As a criticism of the British magical public at that moment, Spithaler wasn't sure this was quite fair; from what she had seen of John Major, indifference struck her as an eminently proper reaction to him. In a broader sense, however, she had to concede Mary's point.

"All right, then," she said, handing the list back to Mary. "Go tell Hoopy –" (this was how the Cricketshorn Charms mistress was universally known, silly nicknames being a distinguished school tradition) "–to pick up a box of bludgers from our friends in Oregon, and perform one of her famous Bottomless-Pit Spells on it. Procurement should be able to handle the other requests."

And thus it was that, on the morning of 25 December, Professor Herodotus Binns drifted through his door of his Hogwarts office to find a large, wooden crate awaiting him, which shook every now and then as though some object on the inside was striking its walls with considerable force.


"Ah, yes," Binns murmured to himself. "The Christmas Exchange, instituted in 1844 to solidify the historic ties between the wizarding populations of Great Britain and the United States." (He had an inveterate habit of showing off his own knowledge, even when there was no one around to show it off to.)

"Curious, though," he murmured. "I don't remember requesting anything. What could dear Miss Spellman have sent me?"

The crate made no reply, either to inform him of its contents or to remind him that the Cricketshorn headmistress's surname was Spithaler, not Spellman. It merely rattled again, and Binns began to vaguely appreciate that if he did not open his present soon, it might open itself for him.

Unfortunately, however, as a ghost, he was physically incapable of interacting with any object on the corporeal plane. He therefore summoned Hogwarts's caretaker, Argus Filch, and explained the situation to him. Filch listened thoughtfully, sneaking glances at the crate all the while, and it was not until Binns concluded his narrative that he spoke.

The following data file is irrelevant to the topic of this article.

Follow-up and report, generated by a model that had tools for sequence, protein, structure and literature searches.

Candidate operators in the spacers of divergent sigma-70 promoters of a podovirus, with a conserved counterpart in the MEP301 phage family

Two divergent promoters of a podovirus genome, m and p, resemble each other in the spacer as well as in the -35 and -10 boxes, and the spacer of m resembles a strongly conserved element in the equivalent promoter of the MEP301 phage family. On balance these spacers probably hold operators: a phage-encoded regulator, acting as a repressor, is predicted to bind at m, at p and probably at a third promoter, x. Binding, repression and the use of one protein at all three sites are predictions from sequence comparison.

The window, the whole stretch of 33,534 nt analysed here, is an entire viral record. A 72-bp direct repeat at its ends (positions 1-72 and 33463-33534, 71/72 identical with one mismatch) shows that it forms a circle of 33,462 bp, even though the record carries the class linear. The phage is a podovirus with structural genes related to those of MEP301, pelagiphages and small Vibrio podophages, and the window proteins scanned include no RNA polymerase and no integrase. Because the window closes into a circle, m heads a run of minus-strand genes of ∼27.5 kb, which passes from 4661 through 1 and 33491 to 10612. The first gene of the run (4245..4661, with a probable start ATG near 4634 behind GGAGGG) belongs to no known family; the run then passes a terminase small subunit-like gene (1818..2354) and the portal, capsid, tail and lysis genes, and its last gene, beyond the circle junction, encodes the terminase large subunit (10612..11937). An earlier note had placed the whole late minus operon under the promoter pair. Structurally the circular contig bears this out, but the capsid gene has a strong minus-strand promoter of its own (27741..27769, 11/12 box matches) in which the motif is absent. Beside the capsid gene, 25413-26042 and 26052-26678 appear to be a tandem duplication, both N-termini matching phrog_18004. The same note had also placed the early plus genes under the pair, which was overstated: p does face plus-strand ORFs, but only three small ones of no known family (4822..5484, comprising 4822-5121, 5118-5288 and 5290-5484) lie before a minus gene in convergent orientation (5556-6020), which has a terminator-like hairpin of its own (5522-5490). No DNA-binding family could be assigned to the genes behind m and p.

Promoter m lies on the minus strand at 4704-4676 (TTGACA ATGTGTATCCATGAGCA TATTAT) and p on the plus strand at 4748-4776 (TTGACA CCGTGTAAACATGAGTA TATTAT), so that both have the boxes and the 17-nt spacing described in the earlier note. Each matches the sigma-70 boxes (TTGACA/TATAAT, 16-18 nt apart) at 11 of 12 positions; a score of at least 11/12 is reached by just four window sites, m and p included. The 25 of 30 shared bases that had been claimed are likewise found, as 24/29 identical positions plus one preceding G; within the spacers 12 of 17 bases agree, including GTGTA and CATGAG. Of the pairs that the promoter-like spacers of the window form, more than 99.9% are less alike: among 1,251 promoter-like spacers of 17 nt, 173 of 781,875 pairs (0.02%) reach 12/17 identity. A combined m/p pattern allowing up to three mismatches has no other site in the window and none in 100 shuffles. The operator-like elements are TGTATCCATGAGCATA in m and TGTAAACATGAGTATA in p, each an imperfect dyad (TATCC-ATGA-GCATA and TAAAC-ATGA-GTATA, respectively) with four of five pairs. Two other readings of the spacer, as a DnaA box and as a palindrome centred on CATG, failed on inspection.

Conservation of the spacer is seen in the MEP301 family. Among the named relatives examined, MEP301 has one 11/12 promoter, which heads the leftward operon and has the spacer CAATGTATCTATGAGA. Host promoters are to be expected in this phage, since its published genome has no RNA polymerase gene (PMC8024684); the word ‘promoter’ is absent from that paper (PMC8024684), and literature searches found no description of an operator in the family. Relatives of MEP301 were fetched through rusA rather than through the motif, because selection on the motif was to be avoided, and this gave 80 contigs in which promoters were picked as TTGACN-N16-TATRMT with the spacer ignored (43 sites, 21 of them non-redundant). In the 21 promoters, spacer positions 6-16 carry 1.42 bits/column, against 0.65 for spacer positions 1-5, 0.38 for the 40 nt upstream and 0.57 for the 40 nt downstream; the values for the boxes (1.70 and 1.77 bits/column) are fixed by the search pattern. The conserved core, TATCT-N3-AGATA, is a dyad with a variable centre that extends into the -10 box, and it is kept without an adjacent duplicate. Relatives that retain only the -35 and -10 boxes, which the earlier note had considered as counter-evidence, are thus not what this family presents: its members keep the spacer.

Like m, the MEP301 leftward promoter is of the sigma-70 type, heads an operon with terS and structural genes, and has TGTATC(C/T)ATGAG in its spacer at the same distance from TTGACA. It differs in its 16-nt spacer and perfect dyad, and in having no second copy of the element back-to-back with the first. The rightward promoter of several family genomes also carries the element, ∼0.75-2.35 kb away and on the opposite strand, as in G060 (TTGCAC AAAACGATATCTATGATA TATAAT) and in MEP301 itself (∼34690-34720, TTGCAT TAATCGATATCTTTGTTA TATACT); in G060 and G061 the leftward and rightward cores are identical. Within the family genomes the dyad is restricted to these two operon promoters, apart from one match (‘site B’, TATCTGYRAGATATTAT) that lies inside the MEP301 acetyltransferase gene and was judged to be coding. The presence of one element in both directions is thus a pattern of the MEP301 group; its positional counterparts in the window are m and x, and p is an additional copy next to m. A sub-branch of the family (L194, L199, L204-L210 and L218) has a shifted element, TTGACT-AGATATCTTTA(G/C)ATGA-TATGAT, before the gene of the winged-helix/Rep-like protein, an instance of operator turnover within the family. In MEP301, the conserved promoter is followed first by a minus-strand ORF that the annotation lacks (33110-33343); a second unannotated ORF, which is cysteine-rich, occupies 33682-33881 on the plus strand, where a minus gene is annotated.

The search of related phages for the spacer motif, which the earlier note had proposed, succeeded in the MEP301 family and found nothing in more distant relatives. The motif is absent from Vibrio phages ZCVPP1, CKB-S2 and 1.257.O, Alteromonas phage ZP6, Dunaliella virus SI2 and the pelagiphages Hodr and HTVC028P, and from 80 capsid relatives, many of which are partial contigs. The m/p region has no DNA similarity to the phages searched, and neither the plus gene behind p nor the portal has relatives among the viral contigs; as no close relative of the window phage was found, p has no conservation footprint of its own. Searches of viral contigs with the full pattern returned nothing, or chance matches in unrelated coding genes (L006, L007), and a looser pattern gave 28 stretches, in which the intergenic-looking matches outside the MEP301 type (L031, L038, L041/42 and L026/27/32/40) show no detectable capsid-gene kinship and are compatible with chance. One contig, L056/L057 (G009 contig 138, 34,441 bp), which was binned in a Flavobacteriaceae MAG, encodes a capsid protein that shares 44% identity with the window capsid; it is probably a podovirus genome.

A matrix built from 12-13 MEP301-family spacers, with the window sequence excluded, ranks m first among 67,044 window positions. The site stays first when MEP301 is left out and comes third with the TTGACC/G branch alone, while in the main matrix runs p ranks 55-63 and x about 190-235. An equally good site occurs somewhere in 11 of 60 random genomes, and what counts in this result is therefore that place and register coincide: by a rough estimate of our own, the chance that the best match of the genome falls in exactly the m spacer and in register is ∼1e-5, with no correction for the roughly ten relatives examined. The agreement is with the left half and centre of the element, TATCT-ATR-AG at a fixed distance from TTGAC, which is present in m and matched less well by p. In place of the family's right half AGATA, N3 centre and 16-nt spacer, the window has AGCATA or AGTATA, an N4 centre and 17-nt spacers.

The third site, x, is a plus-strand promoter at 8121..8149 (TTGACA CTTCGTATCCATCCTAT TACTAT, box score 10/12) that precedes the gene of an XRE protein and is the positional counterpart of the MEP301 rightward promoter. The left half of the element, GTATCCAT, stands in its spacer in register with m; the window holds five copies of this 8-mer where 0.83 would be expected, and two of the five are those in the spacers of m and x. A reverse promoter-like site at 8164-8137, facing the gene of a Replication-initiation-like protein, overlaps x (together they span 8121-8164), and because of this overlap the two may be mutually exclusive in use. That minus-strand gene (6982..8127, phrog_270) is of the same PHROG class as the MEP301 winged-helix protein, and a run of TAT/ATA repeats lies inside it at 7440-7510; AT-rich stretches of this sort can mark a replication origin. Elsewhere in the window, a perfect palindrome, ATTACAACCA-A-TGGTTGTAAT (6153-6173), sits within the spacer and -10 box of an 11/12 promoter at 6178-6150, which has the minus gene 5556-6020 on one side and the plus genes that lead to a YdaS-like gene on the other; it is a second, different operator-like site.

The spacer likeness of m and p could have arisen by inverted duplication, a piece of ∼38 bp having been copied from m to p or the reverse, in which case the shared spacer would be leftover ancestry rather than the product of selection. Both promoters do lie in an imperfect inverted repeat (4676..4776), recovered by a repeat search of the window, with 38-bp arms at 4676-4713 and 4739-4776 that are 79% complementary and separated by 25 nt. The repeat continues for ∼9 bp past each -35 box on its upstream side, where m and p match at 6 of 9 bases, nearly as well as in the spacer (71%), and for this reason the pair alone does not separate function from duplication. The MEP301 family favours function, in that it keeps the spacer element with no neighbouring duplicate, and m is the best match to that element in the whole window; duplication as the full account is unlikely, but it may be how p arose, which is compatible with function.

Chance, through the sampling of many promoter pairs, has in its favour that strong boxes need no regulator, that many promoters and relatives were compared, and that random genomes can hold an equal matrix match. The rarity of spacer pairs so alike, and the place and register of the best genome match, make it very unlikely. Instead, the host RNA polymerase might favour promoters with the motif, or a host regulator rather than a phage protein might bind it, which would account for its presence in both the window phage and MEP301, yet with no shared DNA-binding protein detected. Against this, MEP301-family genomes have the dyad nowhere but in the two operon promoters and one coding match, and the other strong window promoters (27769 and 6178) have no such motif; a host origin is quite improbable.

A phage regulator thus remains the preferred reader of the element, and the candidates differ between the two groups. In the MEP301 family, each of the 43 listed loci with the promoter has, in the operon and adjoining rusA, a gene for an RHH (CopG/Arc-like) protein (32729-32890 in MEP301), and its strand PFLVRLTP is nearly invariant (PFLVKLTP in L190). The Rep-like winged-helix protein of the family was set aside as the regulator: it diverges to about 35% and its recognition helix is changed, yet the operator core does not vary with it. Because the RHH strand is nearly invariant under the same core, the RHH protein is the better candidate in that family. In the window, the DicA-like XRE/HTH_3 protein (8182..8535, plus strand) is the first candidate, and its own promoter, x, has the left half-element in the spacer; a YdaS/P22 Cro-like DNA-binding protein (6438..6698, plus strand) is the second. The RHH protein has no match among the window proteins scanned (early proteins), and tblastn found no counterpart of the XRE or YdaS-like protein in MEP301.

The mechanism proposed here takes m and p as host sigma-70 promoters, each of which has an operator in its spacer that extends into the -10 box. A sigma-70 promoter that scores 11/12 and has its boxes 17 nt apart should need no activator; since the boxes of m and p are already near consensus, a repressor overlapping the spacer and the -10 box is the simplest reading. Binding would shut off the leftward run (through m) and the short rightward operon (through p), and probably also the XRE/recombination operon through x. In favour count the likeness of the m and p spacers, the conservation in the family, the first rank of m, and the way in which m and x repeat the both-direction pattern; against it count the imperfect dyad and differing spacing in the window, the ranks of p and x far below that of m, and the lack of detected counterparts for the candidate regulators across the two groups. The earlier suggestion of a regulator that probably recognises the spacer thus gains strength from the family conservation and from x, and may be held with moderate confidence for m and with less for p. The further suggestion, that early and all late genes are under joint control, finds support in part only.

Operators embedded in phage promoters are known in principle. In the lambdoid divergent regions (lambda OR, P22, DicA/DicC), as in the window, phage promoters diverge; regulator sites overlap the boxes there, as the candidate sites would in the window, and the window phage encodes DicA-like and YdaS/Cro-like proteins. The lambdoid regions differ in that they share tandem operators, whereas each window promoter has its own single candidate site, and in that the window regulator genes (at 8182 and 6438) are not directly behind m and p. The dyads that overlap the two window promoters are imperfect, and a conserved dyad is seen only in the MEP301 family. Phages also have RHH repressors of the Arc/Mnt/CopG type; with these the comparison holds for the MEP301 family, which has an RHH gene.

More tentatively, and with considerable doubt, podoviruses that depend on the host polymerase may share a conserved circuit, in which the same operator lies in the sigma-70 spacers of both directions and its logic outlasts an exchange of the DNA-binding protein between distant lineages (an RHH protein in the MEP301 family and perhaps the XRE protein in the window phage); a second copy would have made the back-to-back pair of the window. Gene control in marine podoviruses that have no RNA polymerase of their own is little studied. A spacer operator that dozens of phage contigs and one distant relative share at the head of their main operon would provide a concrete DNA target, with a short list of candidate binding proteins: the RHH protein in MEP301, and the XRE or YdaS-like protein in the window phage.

"So," he said. "You trust that thing, do you?"

Binns frowned. "Trust it?" he said. "What do you mean?"

"Begging your pardon, Professor," said Filch, "but if some American with a Cryotemp Jinx on her sent me a mysterious crate that shook every two seconds, I'd take it outside and throw it in the lake – and that's my advice to you, too."

"Nonsense, young man," said Binns severely. "I'm sure Miss Spader would never dream of using the Christmas Exchange as a subterfuge for nefarious activities. Now, then, go fetch a crowbar and open this crate, and look slippy about it."

Reluctantly, Filch did as he was told and left the office. He returned about ten minutes later, carrying a crowbar in his right hand – and, Binns noted with amusement, wearing one of the Great Hall's few un-enchanted suits of armour.

"It's all very well for you, Professor," he said with dignity as Binns let out a wheezing laugh, "but we flesh-and-blood people have to take a few precautions."

This said, he clattered over to the crate, wedged the crowbar beneath its lid, and pried it open.

–And the next thing he knew, he was sprawled flat on the floor, the crowbar knocked from his hand, watching Professor Binns scurry out of the room as 4,000,000,000,000,000,000 Bludgers with white 8's painted on them flew out of a 6'-by-3'-by-3' fruit crate and proceeded to wreak havoc on his office.

Filch attempted to sit up, but he was instantly struck by so many angry pieces of sporting equipment that he decided it wasn't really worth the trouble. He lay back down again and gave himself up to thought.

His first thought was that all his prejudices against Americans had been definitively vindicated. Any country where someone could have a propensity for sending unlimited numbers of enchanted, metallic, congenitally angry balls into a populated building, and still attain a position of high importance in the educational world, was a country that was every bit as crazy as he had always said it was – in fact, rather more so.